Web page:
Tips for performance in your web sites

HTTP

HTTP is a networking protocol for distributed, collaborative, hypermedia information systems and it is also the foundation of data communication for the World Wide Web.

How it works?

You send (using a browser, for example) a request for the server: -Hey Internet, give me the Ruby overview web site.

 

GET /2011/07/11/ruby-overview.html
HTTP/1.1
Host: leandromoreira.com.br
User-Agent: Mozilla/5.0 (s.o.) Gecko/20100101 Firefox/5.0

And server can answer you: – Okay!

HTTP/1.1 200 OK
Content-Type: plaintext/html
Last-Modified: Fri, 15 Jul 2011 00:23:15 GMT
Content-Lenght: 896
blah blah content blah blah ruby blah blah

As you can see HTTP is a protocol where you can request resources for the sever, using some fields. This conversation between you and the server can results in further requests. Using some of HTTP fields, you can request compressed data from server (then use less network load), server can inform you how long you can keep components at cache.

The 14 golden rules

Steve Souders wrote the amazing book (based on his researches on Yahoo!) High Performance Web Sites to help us made more scalable and fast web sites. This book shows fourteen rules at practice to follow and achieve the fast web site, it also presents real web sites examples. I certainly recommended you this book. (Thank Guilherme Motta for this recommendation.)

Rule #01 – Make fewer HTTP requests

Yeah, this rule might be obvious but not so obvious is the possible solutions for that:

  • Use image map and css sprites instead of use multiply images.
  • Hard core -> Sometimes you can use inline images. (it doesn’t work with IE)
  • Combine & Minify your files: three js scripts to only one (with removed spaces and etc.) and nine stylesheets to one. In fact this thing of combine everything into one, broke our so beloved coupling OO rule. I think this combine and minify process should be made on deployment and delivery, this let’s free to create cohese and uncoupled scripts and stylesheets.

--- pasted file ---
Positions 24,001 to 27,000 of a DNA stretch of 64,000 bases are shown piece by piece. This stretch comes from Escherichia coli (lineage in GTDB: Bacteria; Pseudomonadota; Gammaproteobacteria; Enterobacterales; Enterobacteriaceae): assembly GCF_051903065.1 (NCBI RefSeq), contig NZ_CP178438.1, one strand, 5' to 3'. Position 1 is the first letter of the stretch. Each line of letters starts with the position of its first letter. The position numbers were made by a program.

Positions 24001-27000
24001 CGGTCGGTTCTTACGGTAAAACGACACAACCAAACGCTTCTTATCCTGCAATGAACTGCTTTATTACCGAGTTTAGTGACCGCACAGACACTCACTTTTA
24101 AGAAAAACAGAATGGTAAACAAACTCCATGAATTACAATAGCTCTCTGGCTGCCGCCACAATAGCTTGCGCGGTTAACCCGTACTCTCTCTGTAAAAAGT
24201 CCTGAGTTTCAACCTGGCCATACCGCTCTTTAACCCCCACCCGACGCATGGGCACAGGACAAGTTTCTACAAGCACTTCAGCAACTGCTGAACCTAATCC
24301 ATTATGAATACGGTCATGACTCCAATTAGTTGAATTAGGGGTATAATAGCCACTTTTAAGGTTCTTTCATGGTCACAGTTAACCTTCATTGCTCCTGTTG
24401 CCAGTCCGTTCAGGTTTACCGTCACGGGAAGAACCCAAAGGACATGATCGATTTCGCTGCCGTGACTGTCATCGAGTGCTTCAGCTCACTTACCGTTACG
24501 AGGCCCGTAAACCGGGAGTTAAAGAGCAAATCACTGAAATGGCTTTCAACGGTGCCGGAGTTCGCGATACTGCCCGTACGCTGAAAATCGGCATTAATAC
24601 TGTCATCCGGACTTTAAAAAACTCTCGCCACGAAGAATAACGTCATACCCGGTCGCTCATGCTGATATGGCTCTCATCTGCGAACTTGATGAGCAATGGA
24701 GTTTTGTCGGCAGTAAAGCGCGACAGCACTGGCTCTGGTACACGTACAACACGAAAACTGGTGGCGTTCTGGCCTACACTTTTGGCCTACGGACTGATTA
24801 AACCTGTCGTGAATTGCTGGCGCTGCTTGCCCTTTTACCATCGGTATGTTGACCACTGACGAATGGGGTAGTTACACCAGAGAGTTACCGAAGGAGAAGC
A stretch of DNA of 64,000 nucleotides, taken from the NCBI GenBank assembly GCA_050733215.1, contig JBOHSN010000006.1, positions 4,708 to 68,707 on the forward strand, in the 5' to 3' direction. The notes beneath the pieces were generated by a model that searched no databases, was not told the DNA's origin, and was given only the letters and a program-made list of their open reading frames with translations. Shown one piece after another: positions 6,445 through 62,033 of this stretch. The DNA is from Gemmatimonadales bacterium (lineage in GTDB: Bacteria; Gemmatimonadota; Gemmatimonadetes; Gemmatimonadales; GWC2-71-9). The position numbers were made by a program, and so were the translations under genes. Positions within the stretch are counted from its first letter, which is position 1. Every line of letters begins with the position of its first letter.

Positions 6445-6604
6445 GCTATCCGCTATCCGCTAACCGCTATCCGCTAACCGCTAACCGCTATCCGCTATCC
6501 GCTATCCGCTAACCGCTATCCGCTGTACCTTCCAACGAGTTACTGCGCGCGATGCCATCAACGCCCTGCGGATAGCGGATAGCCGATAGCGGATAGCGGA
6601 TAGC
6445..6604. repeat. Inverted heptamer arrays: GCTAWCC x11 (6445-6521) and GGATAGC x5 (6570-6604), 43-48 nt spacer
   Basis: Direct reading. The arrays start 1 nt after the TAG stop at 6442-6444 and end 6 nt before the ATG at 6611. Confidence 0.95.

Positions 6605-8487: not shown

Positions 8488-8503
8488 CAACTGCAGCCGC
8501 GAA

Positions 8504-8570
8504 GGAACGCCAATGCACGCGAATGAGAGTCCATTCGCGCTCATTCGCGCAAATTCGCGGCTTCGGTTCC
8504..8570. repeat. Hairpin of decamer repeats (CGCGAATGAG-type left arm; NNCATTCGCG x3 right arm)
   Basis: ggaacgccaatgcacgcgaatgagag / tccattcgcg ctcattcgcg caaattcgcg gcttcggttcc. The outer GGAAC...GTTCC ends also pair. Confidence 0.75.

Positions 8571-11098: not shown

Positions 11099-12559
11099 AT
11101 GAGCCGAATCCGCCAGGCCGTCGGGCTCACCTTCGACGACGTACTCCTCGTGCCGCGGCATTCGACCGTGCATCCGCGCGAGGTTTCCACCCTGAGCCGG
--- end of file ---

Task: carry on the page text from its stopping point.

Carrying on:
Rule #02 – Use Content Delivery Networks

I’ve worked in a company where we have some stylesheets and js shared between the projects. Our approach for that was, each project injects the files in its workspace. This take us to the hell of outdate files.

Thinking in terms of caching, if we had this files into a single known server, all the requests for our several web sites would take advantage of cache.

Taking this for a big picture, I mean dream that we are handling a huge web site, we could also take the advantage of customer’s proximity. If our components are next to our clients so the download time would be decreased.

Rule #03 – Add an Expires Header

In HTTP conversation, the server can tell to a client that certain component could be used at his local cache for a certain time using the HTTP field: Expires. You request a component for server and it answers with that component and give you a valid time for that component. The setup for this is made on server-side. (See also: Max-age and Cache-Control – overcome the limitation of Expires, when you need to specify the exact date, causing clock synchronizing issues. Using Cache-Control you can set time in seconds!)

People, usually, don’t put this because they fear the change. For example: I create a component (company’s logo) and put the expires date to ten days, but if I would change it before that time?! Well, you could starting writing your components with rev. number on its name. The company_logo_1.0.png is cached but your newer version company_logo.1.1.png isn’t.